Benefits of Cats for the Elderly

Having a cat can have great benefits for elderly people.

Everyone who shares their life with cats can attest to the benefits experienced from the strong bond that develops. Cats provide endless fun, joy, and companionship.

The benefits that having a cat may provide to an elderly person can be powerful. Not only that, but elderly people make great caretakers for cats as well.

How Cats Help Older People

Here are just some of the ways a pet cat can be of benefit to elderly people:

  • Cats can help lower people's blood pressure, decrease stress and anxiety, and improve mental health. Seniors sometimes experience increased loneliness and having a cat to hang out with and take care of can go a long way toward easing that.
  • A cat's purr may even be just the right frequency to help with a person's joint pain (Why do cats purr?, 2003).
  • Caring for a cat helps seniors stay active and alert.
  • Cats are relatively easy to care for—they don't require walks and do most of their own grooming. They can be played with from a seated position with a wand toy.

How to Choose the Right Cat

Most of the time, an older cat will be the right choice when adopting a new cat for a senior. Kittens are wonderful, of course, but their boundless energy might be too much for some seniors to keep up with. When choosing an adult cat, you will also be able to see what the long-term personality is more easily than with a kitten.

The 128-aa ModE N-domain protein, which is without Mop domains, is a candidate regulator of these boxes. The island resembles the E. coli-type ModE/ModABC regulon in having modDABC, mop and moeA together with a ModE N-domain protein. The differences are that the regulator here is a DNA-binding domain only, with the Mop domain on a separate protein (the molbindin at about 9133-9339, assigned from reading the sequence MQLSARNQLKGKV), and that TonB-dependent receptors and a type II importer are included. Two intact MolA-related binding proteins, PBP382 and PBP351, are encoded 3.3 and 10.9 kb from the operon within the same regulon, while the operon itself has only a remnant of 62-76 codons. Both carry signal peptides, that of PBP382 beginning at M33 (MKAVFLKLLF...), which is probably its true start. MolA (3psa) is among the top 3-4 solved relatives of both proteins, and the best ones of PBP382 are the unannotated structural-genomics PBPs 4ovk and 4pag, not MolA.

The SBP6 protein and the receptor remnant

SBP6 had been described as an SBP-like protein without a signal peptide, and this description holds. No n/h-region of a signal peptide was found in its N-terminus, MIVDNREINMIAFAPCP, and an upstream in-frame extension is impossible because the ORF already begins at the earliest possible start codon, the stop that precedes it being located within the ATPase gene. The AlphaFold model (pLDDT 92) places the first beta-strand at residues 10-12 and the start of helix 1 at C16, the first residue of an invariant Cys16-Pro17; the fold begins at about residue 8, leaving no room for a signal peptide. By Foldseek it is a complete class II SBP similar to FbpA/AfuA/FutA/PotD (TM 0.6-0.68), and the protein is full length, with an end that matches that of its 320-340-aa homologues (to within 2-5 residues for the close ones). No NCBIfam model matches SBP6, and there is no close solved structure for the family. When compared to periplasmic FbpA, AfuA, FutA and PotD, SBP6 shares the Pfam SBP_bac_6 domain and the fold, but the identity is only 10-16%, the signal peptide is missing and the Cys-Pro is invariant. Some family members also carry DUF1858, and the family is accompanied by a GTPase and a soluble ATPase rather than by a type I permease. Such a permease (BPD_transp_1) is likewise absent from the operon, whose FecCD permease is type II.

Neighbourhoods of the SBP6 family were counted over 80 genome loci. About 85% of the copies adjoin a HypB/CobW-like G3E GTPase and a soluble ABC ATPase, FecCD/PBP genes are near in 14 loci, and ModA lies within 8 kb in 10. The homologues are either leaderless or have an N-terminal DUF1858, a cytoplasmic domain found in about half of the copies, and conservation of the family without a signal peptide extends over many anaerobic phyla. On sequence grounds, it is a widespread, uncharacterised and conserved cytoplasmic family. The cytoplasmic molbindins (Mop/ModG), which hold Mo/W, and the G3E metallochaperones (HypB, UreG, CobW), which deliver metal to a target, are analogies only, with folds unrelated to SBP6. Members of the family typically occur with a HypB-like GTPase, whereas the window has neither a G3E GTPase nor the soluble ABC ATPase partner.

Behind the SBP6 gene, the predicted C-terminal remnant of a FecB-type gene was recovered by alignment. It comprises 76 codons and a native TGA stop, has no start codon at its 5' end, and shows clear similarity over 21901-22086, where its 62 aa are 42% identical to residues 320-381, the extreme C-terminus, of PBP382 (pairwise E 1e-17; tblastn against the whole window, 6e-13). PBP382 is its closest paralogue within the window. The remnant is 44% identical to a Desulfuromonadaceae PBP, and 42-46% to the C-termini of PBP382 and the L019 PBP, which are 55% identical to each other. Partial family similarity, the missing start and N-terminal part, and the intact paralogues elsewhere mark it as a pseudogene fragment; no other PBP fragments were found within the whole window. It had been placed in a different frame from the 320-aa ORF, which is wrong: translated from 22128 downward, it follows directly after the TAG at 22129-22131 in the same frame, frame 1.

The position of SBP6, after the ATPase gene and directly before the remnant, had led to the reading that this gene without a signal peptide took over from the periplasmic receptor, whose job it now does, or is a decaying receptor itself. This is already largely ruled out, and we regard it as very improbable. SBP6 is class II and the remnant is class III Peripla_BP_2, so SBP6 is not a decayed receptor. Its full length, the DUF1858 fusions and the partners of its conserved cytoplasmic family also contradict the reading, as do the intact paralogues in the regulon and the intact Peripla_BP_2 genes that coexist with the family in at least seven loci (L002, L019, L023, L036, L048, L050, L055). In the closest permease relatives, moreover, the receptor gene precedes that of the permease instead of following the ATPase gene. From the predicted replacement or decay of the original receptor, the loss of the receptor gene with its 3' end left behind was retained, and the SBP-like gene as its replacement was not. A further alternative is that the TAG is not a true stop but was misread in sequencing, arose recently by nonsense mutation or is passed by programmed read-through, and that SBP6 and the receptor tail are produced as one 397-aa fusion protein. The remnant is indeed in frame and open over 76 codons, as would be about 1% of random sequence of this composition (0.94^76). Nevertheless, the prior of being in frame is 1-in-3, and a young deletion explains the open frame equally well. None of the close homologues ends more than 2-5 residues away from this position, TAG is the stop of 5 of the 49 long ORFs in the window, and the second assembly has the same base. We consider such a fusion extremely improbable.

Using Soft Paws® on the kitty could be of help because some seniors are at higher risk of developing infections if they're purposely or accidentally scratched, and their thinner skin leaves them more vulnerable to scratches that break the skin. Putting Soft Paws® on all four paws is best because it protects against scratches on the lap from when a cat pushes off with the rear feet to jump down.

It can be helpful to arrange for someone to routinely trim the cat's nails and transport the kitty to vet and groomer appointments.

You can learn more about seniors and cats, including information about pets for seniors living in assisted care situations, here:


  1. Why do cats purr? (2003).
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